• 0 Hide
    The_Trutherizer , October 7, 2013 1:23 AM
    You mean the bad guys have privacy and we do not? Well that went well...
  • 0 Hide
    dalethepcman , October 7, 2013 11:38 AM
    Obviously half the posters here have never seen how government work operates... If you think they give a crap about you doing legal activities online, or even buying some mary jane from sites like "the silk road" you are sorely mistaken.

    This is the NSA, not the local sheriff. They don't have time to worry about your petty crimes, because they actually are busy doing the job they were tasked to do.

    They have the ability to spy on your every move online, but so does google, apple, microsoft, etc...

    I don't give a crap about privacy on the internet, because it doesn't exist.

    Key point in the above article was the words "Real time." Any packet can be decrypted, any ip data can be traced, they just cant do all of them 100% of the time in real time.

    tl:D r - if you aren't a terrorist or one of their associates, or calling/email/im'ing a terrorists or one of their associates, no one at the NSA gives a crap what you do.
  • 0 Hide
    James_Smith , October 7, 2013 12:56 PM

    It isn't as if any rational person still believes the USA is a free country. Think about it. No-warrant wire taps, indefinite detention of citizens without charges, approval of rendition of prisoners and torture, stop and frisk without probable cause, search and seizure without a warrant, no-knock entry, confiscation and destruction of cameras that might have been used to film police acting illegally, police brutality, police shootings that go without investigation, managed news, and the civil-rights destroying "Patriot" Act.


    Acts of police behaving illegally, with shootings, Tasers, and unwarranted violence now appear almost daily. Rarely are these offenses punished. Most often "an investigation" is claimed, but soon forgotten.

    

In addition, the USA, with 5% of the world population, has 25% of all of the prisoners in the world. That means the USA has the most people in prison of any nation in history. Even by percentage of residents incarcerated, not just sheer numbers. USA is # 1!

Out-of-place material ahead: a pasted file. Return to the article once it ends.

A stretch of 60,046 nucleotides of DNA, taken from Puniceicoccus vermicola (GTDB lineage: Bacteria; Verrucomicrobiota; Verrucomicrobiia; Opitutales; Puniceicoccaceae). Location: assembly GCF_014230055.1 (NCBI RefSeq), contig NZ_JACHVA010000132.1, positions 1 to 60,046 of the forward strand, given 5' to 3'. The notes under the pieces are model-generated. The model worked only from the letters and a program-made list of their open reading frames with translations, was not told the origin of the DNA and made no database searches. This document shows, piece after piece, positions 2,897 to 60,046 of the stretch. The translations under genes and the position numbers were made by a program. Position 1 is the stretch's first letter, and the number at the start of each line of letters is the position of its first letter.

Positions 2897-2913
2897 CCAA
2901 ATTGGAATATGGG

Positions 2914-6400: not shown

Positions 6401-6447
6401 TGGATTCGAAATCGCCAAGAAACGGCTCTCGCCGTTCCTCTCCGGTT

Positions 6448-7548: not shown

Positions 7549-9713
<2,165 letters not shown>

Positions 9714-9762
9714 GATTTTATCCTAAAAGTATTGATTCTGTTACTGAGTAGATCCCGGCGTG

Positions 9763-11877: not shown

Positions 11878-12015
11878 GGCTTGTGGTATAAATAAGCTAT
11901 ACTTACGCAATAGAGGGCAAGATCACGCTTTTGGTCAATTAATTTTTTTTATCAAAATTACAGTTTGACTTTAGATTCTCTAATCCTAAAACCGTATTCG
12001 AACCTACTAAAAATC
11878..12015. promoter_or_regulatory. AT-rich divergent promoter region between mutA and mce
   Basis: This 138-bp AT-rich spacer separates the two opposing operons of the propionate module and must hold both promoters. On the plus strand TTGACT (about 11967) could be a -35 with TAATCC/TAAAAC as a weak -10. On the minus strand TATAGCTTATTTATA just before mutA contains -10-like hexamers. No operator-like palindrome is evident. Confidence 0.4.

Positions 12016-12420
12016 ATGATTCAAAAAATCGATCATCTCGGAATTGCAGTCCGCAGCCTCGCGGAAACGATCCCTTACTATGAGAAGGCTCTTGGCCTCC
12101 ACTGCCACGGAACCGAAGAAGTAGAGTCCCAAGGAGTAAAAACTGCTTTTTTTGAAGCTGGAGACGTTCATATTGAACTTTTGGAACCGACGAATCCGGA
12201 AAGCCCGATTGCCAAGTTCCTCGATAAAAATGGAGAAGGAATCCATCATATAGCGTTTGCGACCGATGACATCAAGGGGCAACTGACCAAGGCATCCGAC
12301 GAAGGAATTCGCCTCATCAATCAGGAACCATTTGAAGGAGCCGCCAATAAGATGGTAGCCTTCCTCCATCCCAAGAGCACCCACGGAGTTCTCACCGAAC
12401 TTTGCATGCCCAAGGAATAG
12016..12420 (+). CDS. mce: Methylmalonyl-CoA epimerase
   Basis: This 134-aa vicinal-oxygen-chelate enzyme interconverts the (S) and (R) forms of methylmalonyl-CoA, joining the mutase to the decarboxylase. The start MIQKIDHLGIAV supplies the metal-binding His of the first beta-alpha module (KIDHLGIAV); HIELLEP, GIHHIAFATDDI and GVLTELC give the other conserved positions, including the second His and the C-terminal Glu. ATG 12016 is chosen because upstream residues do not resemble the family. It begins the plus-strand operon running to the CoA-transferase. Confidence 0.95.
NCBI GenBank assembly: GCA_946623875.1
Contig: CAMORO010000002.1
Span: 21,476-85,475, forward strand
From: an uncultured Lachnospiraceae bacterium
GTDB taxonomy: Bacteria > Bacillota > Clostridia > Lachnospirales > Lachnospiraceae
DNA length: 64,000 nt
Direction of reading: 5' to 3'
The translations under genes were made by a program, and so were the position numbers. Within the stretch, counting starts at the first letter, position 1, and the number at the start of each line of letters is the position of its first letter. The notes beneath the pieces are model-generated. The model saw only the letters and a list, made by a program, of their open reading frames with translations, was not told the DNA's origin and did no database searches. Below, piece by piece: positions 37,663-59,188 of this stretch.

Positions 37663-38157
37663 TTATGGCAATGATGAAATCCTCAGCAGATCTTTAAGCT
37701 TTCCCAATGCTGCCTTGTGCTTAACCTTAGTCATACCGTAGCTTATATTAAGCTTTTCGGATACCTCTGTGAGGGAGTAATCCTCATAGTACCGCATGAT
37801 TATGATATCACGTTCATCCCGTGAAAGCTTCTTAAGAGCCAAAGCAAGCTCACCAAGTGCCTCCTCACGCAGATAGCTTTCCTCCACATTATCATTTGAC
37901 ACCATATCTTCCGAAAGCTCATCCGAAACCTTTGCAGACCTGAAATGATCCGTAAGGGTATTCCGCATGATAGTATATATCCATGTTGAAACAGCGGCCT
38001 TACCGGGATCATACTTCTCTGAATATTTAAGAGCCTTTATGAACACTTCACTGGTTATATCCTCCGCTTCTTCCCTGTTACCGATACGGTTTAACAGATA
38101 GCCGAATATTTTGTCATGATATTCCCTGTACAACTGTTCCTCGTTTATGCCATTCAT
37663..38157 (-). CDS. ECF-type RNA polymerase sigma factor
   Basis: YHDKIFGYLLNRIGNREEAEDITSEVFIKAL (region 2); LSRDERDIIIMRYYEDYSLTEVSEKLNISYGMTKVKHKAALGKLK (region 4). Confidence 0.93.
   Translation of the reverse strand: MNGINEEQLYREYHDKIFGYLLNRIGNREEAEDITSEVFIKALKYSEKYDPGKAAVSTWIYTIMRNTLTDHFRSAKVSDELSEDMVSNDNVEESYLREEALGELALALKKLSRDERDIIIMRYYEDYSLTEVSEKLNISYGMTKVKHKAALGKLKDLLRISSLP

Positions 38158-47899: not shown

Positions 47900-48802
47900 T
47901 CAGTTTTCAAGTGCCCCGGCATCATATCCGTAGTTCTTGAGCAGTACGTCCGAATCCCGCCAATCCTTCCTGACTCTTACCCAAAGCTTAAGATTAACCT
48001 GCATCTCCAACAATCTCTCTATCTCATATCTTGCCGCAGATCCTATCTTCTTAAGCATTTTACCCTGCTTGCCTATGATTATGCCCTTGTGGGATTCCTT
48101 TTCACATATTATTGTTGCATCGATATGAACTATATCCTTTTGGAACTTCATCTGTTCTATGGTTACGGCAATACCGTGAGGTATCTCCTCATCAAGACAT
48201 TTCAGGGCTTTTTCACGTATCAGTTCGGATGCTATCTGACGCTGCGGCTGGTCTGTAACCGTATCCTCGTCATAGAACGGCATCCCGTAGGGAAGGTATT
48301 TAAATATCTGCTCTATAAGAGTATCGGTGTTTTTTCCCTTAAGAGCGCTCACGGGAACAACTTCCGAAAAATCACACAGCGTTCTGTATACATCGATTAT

Does any of that sound like a free country?


    As Dwight D. Eisenhower said about communism, "It's like slicing sausage. First they out off a small slice. That isn't worth fighting over. Then they take another small slice that isn't worth fighting over. Then another and another. Finally, all you have left is the string and that isn't worth fighting over, either.
  • 0 Hide
    James_Smith , October 7, 2013 12:58 PM

    It isn't as if any rational person still believes the USA is a free country. Think about it. No-warrant wire taps, indefinite detention of citizens without charges, approval of rendition of prisoners and torture, stop and frisk without probable cause, search and seizure without a warrant, no-knock entry, confiscation and destruction of cameras that might have been used to film police acting illegally, police brutality, police shootings that go without investigation, managed news, and the civil-rights destroying "Patriot" Act.


    Acts of police behaving illegally, with shootings, Tasers, and unwarranted violence now appear almost daily. Rarely are these offenses punished. Most often "an investigation" is claimed, but soon forgotten.

    

In addition, the USA, with 5% of the world population, has 25% of all of the prisoners in the world. That means the USA has the most people in prison of any nation in history. Even by percentage of residents incarcerated, not just sheer numbers. USA is # 1!

 Does any of that sound like a free country?


    As Dwight D. Eisenhower said about communism, "It's like slicing sausage. First they out off a small slice. That isn't worth fighting over. Then they take another small slice that isn't worth fighting over. Then another and another. Finally, all you have left is the string and that isn't worth fighting over, either.